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Riding a motorcycle is dangerous. It’s not a secret that removing safety features like, well, doors, panels, and seatbelts makes a crash exponentially less survivable. Motorcycle safety is tenuous enough without throwing road rage into the equation. However, you can help save a life when you “adopt a rider” and provide vital distance and coverage to our fellow two-wheeled travel buddies.

When you adopt a rider, you take the place of an inattentive driver or tailgater

When you ride a motorcycle, you concede protections. A fender bender on a busy street could be an eye-opening inconvenience for a driver. However, that same impact could kill or seriously injure a rider. That’s just the reality of things, right? Well, not quite. 

Whether you’re a motorcyclist or not, safety becomes your responsibility as soon as you leave your point of origin. As such, you can earn some points with the Universe by looking out for the little guys, those most fragile animals on our roads. 

So how can you help? I’m glad you asked. You can open your eyes and adopt a rider. Next time you see a motorcyclist on the highway, you can proactively take a spot behind a rider. Bear with me here, motorcycle safety experts. Give the rider a safe following distance, and take the place of a tailgater, a space cadet playing Cupcake Crash (or whatever’s popular now), or an angry road rager.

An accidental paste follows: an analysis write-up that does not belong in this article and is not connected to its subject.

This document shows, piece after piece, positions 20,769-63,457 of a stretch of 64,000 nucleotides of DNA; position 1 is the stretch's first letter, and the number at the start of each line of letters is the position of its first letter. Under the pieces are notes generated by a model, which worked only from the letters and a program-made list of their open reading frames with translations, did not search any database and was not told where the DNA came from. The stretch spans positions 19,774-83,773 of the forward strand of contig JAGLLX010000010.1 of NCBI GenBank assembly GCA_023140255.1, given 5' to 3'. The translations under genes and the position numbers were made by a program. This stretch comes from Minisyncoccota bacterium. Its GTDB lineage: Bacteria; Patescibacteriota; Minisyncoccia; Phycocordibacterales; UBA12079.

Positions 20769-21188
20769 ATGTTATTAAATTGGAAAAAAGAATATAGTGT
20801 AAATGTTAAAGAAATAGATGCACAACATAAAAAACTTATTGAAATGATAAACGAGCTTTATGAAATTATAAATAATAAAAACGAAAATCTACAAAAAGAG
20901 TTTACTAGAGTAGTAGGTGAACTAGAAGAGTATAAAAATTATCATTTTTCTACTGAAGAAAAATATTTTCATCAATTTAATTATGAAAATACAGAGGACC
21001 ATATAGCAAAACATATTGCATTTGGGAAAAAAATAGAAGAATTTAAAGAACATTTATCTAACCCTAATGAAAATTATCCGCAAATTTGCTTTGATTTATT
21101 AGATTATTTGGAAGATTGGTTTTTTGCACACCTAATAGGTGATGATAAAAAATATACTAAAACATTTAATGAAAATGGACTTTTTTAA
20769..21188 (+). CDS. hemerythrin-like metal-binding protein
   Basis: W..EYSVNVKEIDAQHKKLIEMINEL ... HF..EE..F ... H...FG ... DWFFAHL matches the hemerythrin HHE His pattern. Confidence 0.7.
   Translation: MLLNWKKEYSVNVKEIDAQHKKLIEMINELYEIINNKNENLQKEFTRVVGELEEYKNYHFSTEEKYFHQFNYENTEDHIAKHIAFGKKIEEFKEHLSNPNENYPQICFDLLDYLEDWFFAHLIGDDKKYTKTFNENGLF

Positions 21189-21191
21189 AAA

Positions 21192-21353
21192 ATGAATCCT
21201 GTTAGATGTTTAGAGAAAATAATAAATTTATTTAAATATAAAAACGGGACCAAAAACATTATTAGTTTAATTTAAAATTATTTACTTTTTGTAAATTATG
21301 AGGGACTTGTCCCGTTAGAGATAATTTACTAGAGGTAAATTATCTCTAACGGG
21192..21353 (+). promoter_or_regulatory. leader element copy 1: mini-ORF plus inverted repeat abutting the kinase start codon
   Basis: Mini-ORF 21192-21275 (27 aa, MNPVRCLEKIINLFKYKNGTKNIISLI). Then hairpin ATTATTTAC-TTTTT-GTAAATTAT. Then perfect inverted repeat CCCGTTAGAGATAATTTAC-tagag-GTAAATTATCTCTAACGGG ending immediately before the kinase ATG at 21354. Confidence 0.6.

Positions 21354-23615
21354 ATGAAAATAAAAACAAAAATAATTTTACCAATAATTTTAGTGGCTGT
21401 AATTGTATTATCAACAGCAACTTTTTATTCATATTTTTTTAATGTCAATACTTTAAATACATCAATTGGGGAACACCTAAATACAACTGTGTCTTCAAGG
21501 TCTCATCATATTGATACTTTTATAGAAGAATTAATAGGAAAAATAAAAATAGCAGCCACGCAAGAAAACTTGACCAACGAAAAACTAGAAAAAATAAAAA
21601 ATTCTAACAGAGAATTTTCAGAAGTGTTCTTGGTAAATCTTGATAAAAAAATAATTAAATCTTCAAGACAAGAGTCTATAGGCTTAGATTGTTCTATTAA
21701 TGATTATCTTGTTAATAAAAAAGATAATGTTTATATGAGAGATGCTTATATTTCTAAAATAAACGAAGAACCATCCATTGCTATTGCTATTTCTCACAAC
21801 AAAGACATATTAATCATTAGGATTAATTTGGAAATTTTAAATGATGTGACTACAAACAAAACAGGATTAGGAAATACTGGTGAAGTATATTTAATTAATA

A rider in motorcycle safety equipment rides on the highway as a driver practices adopting a rider.
A rider on a California highway | Sundry Photography via iStock

Simple, right? Well, yes. You can prevent some danger from a motorcycle’s most vulnerable approach angles. Granted, blind spots are blind spots, and you can’t do everything for your highway homie. However, you can reduce some risk by increasing their rearward visibility and protecting them from dangerous drivers. 

‘Adopting a rider’ is more than good motorcycle safety practice; it can prevent the deadly impact of road rage

In addition to enhancing motorcycle safety, adopting a rider can reduce some of the dangers posed by road rage. Sometimes, tailgaters aren’t tailgaters. Sometimes, they’re petty drivers with a complex that can only be solved with on-road violence. 

Consequently, there are videos of drivers merging behind a motorcycle to prevent a road rager from running them over. Now, we don’t condone putting yourself or your occupants in danger. What’s more, a thrust-happy, nimble bike like a BMW S 1000 RR or Suzuki GSX-R is more than capable enough to elude a workaday pickup truck or minivan. Don’t endanger yourself on their behalf. 

If you encounter any instance of road rage, report it to the authorities. Oh, and thanks for looking out for our sport bike cohorts and V-Twin voyagers.